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Massachusetts Liberal

Observations on politics, the media and life in Massachusetts and beyond from the left side of the road.

Sunday, January 08, 2012

Grand Old Phollies

For a party with only 11 percent of voters, the Massachusetts Republican Party sure has a way of keeping us amused. And the split among Bay State Republicans should serve as a clear marker for the perils that await presidential nominee-in-waiting Mitt Romney.

The Massachusetts Republican Assembly -- the "Republican wing" of the state GOP -- is calling for the ouster of newly installed state party boss Robert A. Maginn Jr. over the discovery that he donated cash to both Deval Patrick and New York Sen. Charles Shumer. A reasonable gripe to be sure, even though Maginn says he supported and voted for Charlie Baker in 2010.

But was really cheesed off the wingers is Maginn's open support for Willard Mitt Romney as the GOP nominee (No word yet if they are equally annoyed by Maginn's backing of Scott Brown). Says Assembly president David Kopacz:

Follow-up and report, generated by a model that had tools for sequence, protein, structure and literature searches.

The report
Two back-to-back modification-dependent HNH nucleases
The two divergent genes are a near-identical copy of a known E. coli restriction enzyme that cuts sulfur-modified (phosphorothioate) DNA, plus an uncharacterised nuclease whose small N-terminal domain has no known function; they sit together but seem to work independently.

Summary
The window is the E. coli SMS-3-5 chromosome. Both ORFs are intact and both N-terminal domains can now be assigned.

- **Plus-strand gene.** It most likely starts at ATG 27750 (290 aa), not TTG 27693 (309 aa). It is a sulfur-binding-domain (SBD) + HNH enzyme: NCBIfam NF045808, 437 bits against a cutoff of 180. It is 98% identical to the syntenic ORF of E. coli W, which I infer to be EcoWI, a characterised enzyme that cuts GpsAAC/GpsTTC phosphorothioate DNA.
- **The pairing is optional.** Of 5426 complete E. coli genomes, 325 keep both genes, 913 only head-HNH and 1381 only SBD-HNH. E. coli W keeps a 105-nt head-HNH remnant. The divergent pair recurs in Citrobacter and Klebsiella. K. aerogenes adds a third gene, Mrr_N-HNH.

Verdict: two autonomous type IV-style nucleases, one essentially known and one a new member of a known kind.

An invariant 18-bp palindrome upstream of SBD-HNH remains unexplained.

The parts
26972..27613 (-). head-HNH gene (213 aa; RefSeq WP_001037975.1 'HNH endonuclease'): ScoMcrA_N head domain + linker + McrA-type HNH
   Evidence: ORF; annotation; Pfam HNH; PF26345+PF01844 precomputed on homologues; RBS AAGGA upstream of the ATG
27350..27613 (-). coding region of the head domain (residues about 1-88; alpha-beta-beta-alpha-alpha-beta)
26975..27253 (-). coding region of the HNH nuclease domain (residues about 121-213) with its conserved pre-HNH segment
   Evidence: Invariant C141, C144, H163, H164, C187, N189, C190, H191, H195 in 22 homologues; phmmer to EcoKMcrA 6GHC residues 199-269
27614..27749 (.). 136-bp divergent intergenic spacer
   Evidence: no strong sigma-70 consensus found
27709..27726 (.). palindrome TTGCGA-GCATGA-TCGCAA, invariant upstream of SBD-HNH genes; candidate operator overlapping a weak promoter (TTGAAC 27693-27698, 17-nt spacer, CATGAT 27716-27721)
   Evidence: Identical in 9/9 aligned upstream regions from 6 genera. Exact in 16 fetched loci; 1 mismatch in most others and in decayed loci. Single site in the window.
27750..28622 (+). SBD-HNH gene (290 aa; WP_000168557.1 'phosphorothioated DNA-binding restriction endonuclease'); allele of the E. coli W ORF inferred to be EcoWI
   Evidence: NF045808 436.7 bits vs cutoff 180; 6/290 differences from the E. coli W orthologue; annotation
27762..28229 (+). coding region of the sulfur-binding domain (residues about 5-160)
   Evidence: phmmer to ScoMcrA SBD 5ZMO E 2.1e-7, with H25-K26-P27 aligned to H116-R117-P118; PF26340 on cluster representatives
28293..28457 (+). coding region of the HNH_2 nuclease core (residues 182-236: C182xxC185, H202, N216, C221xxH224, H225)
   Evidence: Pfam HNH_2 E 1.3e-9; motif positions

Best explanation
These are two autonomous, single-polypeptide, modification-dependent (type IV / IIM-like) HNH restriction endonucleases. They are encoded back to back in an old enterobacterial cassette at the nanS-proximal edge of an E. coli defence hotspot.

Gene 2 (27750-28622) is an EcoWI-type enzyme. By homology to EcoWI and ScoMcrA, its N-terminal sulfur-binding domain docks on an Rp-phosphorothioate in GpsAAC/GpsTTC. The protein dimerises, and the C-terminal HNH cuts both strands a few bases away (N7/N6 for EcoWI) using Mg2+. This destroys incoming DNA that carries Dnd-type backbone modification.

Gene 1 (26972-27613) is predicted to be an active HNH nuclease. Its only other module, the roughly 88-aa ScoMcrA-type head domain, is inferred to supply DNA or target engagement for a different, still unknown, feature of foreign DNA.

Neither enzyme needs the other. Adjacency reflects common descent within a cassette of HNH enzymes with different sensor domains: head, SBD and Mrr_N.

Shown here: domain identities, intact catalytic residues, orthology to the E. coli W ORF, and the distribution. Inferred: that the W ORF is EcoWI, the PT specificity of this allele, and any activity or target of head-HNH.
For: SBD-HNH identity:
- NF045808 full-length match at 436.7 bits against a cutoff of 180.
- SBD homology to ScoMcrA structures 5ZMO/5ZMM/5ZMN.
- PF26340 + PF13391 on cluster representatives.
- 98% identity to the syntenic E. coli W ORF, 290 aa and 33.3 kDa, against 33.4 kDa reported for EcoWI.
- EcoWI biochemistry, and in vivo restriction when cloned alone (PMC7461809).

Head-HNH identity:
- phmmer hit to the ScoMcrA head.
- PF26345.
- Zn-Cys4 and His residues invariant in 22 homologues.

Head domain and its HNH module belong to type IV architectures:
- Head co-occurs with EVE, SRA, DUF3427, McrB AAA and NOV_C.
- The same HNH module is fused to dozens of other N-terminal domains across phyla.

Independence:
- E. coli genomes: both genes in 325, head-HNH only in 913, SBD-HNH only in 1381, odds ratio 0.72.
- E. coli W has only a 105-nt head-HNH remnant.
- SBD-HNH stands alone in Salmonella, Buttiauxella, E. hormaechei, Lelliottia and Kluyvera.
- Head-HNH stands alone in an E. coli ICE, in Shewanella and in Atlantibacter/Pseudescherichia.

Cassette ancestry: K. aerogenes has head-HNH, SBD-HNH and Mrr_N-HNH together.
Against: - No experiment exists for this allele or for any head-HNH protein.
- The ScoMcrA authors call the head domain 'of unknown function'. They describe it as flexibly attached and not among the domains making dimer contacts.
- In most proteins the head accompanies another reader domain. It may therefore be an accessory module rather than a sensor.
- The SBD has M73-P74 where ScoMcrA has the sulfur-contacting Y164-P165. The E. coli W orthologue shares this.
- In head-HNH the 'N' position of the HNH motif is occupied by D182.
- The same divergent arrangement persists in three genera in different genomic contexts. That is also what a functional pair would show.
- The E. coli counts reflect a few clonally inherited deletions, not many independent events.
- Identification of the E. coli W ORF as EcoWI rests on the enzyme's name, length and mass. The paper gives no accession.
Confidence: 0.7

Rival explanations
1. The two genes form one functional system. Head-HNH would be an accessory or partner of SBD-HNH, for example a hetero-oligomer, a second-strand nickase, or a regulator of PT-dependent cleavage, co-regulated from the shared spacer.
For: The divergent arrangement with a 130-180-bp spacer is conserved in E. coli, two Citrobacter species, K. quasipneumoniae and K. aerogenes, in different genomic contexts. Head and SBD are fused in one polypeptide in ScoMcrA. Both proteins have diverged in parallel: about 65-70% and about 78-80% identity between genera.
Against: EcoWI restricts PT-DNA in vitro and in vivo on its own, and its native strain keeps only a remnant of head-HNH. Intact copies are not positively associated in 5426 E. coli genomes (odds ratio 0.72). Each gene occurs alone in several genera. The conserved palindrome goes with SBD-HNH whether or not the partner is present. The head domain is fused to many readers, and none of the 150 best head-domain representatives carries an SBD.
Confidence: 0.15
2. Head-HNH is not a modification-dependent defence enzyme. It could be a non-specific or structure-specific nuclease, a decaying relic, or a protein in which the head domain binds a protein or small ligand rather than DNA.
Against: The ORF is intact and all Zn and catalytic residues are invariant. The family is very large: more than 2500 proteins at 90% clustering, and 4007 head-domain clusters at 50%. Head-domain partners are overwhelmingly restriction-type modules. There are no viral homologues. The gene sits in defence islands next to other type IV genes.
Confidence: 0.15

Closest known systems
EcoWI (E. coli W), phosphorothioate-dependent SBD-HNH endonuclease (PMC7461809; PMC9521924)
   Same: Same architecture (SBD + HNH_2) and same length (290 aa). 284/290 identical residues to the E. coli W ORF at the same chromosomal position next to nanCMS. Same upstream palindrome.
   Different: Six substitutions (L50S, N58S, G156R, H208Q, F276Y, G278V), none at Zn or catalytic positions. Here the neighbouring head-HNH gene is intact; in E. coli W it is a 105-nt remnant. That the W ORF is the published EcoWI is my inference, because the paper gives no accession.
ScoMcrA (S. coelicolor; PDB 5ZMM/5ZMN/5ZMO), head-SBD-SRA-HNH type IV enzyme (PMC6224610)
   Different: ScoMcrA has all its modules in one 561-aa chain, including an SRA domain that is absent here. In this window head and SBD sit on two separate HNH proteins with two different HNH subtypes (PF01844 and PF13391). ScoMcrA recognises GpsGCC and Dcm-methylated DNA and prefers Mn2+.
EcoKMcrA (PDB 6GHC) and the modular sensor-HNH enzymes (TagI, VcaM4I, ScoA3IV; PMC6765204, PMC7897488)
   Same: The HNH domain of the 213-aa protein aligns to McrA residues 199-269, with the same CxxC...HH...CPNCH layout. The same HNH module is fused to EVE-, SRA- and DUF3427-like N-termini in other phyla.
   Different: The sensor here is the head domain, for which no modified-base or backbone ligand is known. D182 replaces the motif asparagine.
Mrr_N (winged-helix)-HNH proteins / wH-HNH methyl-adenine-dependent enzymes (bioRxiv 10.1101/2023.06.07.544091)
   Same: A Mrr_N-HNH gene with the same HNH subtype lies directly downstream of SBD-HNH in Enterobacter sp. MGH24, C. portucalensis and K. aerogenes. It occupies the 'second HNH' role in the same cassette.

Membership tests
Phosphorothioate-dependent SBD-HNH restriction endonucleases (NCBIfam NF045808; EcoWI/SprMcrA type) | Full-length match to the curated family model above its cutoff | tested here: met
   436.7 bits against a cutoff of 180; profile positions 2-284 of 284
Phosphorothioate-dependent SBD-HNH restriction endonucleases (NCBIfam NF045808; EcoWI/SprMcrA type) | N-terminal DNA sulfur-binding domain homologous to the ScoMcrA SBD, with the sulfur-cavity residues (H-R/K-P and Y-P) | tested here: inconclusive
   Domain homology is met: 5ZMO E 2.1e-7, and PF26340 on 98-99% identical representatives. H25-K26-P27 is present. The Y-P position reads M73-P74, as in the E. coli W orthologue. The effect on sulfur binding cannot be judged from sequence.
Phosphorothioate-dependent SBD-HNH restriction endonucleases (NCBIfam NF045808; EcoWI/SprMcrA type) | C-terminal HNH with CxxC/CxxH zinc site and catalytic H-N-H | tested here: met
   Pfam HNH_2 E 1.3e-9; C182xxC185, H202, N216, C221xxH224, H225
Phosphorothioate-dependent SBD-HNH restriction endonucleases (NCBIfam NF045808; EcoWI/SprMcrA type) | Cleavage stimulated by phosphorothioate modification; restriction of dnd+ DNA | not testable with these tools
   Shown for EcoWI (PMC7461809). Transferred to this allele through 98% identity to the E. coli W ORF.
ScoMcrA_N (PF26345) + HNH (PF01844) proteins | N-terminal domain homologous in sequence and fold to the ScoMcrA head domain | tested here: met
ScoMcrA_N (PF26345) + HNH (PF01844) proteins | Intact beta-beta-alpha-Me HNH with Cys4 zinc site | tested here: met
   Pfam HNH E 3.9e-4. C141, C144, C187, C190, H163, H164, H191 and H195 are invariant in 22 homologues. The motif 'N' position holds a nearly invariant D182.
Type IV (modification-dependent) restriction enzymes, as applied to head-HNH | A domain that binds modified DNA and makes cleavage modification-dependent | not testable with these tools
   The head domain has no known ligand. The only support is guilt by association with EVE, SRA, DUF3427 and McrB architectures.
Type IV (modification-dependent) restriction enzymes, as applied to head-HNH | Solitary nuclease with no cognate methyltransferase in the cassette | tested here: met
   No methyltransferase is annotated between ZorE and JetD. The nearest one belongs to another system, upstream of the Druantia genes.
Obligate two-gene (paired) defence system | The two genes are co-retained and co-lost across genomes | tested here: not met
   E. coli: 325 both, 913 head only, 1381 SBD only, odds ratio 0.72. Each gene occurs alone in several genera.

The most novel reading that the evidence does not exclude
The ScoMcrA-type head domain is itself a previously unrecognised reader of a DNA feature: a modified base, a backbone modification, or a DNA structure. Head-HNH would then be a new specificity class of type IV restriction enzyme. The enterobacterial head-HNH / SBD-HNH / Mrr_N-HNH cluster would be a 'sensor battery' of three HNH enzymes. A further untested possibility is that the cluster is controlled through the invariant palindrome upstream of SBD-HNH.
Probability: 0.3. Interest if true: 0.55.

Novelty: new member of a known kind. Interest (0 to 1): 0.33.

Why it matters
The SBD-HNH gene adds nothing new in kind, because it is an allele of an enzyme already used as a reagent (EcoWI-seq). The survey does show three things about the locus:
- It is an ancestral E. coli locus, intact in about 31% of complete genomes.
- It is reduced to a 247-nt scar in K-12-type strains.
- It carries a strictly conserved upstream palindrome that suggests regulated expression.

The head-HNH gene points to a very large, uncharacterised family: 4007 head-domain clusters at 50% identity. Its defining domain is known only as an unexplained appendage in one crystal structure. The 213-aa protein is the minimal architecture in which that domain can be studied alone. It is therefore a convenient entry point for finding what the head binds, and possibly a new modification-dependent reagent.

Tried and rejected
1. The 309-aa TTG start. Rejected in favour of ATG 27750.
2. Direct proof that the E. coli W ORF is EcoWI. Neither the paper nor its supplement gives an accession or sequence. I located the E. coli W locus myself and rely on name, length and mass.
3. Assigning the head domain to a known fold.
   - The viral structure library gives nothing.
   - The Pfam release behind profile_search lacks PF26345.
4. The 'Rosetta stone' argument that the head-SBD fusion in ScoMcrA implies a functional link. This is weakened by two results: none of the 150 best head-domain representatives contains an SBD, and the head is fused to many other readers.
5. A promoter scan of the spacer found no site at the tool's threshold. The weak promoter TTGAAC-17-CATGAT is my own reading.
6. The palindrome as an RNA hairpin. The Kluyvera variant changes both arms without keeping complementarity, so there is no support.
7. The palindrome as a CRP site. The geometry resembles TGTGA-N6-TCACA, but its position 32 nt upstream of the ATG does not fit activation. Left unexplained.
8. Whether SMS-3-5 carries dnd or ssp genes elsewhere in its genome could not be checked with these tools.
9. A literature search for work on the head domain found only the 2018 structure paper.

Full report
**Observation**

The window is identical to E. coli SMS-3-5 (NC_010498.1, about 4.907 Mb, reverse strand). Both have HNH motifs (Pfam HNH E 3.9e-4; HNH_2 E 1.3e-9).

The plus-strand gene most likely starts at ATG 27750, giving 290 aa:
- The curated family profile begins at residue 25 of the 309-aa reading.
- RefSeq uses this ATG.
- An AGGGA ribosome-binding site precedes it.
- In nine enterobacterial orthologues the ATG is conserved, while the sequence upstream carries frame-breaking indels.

“There’s very, very little grass-roots support for Romney at this point.’’
The dispute mirrors the split in the national party between the Tea Party and establishment wings. But if Romney's home state band of brothers and sisters are divided, what does it say about the Mittster's ability to weave the factions together in a general election?

Pundits are saying one of the biggest challenges Barack Obama faces in his reelection bid is the enthusiasm gap among new voters who rallied behind him in 2008.

But there appears to be a similar gap growing between pragmatists and true believers on the right, one that could only be exacerbated if the Tea Party opts for a third way -- or sits on its hands come November rather than support the "Massachusetts Moderate."

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